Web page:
SEATTLE – Fears of a prolonged market downturn, slowing international sales, stepped-up competition in the U.S. and flat-out confusion about how Amazon.com Inc. makes money are all reasons behind the company’s dizzying 25 percent drop in value from its September high.
The world’s largest online retailer had been an investor darling, with shares more than doubling over the past two years on optimism that Amazon would continue to gobble up sales while increasing profitability. Enthusiasm about Amazon’s sustained growth made Chief Executive Officer Jeff Bezos the world’s wealthiest man and Amazon the second U.S. company to reach $1 trillion in market value, albeit briefly.
But the quarterly results published last week told a different story and Amazon has also issued a disappointing revenue and profit forecast for the busy holiday period.
The investor shock has only intensified since then and the shares have now lost one quarter of their value since hitting a record high last month of $2,039.51. Amazon’s market value has shed about $250 billion since that $1 trillion milestone.
Adding to Amazon’s woes are a proposed digital business tax in Europe and further talk of tariffs that could dent consumer spending. Those factors combined to persuade some investors that now is the time to cash out on their Amazon bounty.
‘Investors are looking to sell their year-to-date winners — Amazon was up 52 percent before the report — and Amazon gave them an excuse,’ said Colin Sebastian, an analyst at Robert W. Baird & Co.
It’s not only Amazon that’s facing a rough patch in the market. The S&P 500 is hurtling toward its worst monthly performance since the bull market began. Even companies that have reported stellar earnings haven’t managed to buoy sentiment. And many of Amazon’s fellow tech companies have also seen their values erode considerably in recent weeks. Facebook Inc. is down 35 percent since hitting a record high in July.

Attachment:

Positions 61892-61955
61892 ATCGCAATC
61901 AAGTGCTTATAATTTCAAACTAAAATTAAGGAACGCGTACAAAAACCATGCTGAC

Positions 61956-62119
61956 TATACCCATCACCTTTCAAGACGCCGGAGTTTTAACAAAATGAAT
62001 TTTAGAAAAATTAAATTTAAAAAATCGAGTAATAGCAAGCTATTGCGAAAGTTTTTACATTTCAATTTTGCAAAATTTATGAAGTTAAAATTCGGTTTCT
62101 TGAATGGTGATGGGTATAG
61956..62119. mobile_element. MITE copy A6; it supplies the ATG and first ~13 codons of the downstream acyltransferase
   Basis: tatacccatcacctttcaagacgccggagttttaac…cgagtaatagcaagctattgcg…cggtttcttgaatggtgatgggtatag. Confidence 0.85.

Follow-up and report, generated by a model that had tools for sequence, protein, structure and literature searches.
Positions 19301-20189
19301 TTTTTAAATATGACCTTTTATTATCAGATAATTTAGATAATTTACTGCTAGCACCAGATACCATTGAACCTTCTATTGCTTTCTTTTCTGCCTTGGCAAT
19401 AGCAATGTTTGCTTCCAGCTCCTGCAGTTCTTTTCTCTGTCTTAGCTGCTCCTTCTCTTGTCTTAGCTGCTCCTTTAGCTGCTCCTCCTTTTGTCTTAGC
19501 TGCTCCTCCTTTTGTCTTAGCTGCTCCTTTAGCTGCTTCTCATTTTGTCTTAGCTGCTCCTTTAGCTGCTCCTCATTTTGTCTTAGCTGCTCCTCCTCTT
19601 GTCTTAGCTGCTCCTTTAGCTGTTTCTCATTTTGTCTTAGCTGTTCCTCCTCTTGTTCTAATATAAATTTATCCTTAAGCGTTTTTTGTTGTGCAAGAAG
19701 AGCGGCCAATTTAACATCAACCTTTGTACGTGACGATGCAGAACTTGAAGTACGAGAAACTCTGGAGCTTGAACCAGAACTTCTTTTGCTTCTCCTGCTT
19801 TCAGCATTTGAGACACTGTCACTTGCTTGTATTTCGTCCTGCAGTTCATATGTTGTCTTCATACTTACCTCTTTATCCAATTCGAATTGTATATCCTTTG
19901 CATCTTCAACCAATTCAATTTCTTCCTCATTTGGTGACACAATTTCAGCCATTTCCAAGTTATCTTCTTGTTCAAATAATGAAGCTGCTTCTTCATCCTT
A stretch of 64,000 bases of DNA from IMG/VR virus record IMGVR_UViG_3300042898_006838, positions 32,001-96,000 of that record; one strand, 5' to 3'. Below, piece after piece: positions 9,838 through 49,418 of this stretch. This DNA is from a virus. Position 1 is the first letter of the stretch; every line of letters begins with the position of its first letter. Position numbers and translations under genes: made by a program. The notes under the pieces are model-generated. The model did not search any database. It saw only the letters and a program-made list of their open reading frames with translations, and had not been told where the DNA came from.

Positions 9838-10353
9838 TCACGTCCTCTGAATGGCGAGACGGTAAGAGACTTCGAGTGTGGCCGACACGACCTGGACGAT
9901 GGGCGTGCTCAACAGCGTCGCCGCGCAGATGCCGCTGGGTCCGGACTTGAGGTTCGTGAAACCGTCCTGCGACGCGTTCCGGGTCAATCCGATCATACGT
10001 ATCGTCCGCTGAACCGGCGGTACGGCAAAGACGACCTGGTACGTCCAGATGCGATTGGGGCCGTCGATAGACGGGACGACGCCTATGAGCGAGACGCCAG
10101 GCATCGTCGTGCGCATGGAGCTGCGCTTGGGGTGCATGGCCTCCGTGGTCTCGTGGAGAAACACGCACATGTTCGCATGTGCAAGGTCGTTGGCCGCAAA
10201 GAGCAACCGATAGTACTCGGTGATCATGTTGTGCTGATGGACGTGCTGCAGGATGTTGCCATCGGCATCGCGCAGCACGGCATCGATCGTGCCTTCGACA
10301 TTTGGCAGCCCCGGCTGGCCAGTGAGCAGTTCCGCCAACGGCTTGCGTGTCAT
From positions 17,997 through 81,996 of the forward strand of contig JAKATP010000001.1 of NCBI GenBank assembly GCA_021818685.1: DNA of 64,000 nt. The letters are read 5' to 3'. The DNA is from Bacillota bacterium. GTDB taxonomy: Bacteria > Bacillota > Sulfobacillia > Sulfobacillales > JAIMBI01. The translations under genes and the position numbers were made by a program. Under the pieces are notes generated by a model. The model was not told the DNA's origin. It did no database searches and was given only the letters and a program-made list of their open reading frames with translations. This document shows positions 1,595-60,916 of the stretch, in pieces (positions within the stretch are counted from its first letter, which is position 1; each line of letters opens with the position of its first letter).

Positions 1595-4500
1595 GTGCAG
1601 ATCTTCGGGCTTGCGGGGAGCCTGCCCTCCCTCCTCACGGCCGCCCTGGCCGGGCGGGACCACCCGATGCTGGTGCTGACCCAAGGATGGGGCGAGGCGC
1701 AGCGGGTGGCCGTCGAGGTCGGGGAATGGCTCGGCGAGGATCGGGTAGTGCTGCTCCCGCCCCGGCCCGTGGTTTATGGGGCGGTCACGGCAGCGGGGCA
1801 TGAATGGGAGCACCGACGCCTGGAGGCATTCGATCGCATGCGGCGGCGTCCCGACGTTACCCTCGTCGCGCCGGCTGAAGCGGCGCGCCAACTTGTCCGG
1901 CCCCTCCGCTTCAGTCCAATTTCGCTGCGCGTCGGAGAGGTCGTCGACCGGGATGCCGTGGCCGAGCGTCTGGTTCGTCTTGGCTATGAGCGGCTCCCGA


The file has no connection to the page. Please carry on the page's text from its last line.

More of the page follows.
Amazon last week forecast revenue of as much as $72.5 billion in the current quarter, falling short of analysts’ average estimate of $73.8 billion. The outlook and third-quarter results, which showed slowing sales growth in all major revenue categories, including international and cloud computing, prompted investors to question whether the company is reaching a saturation point.
The reasons for worry continued this week. The U.K. proposed a first of its kind digital services tax, spreading fear that governments could increasingly turn to big tech platforms for revenue. An escalating trade war with China added to overall market woes. Investors suddenly have a lot more risk to consider when assessing company value, and Amazon’s results showed investments by competitors could be taking a toll, said Allen Gillespie, an analyst at FinTrust Capital Advisors.
“Markets are being asked to discount a lot here and people have not been discounting risk because of the central banks for a long time now,” he said. “Amazon is now seeing more competition from Walmart.”
Fears of slowing growth could be misguided due to misunderstanding about how Amazon makes money, said Michael Pachter, an analyst at Wedbush Securities Inc. Amazon is a retailer that sells goods directly to consumers and a marketplace acting as a middleman between online merchants and shoppers. Marketplace sales are more profitable for Amazon even though it records less revenue on those transactions.
When a shopper purchases a $400 television directly from Amazon, Amazon reports $400 in revenue. That same purchase from an independent merchant on Amazon’s marketplace would represent about $120 in revenue for Amazon, based on a rough estimate of its commission and fees for packing and delivery.
The mix of Amazon retail sales and marketplace sales is constantly in flux, making it difficult for analysts to predict, Pachter said. Amazon’s revenue can swing as much as $1.3 billion each quarter even if shoppers spend the same amount of money on the site, he said.
“The downdraft is due to a misperception that their growth is slowing,” he said. “The simple answer is that investors don’t get it.”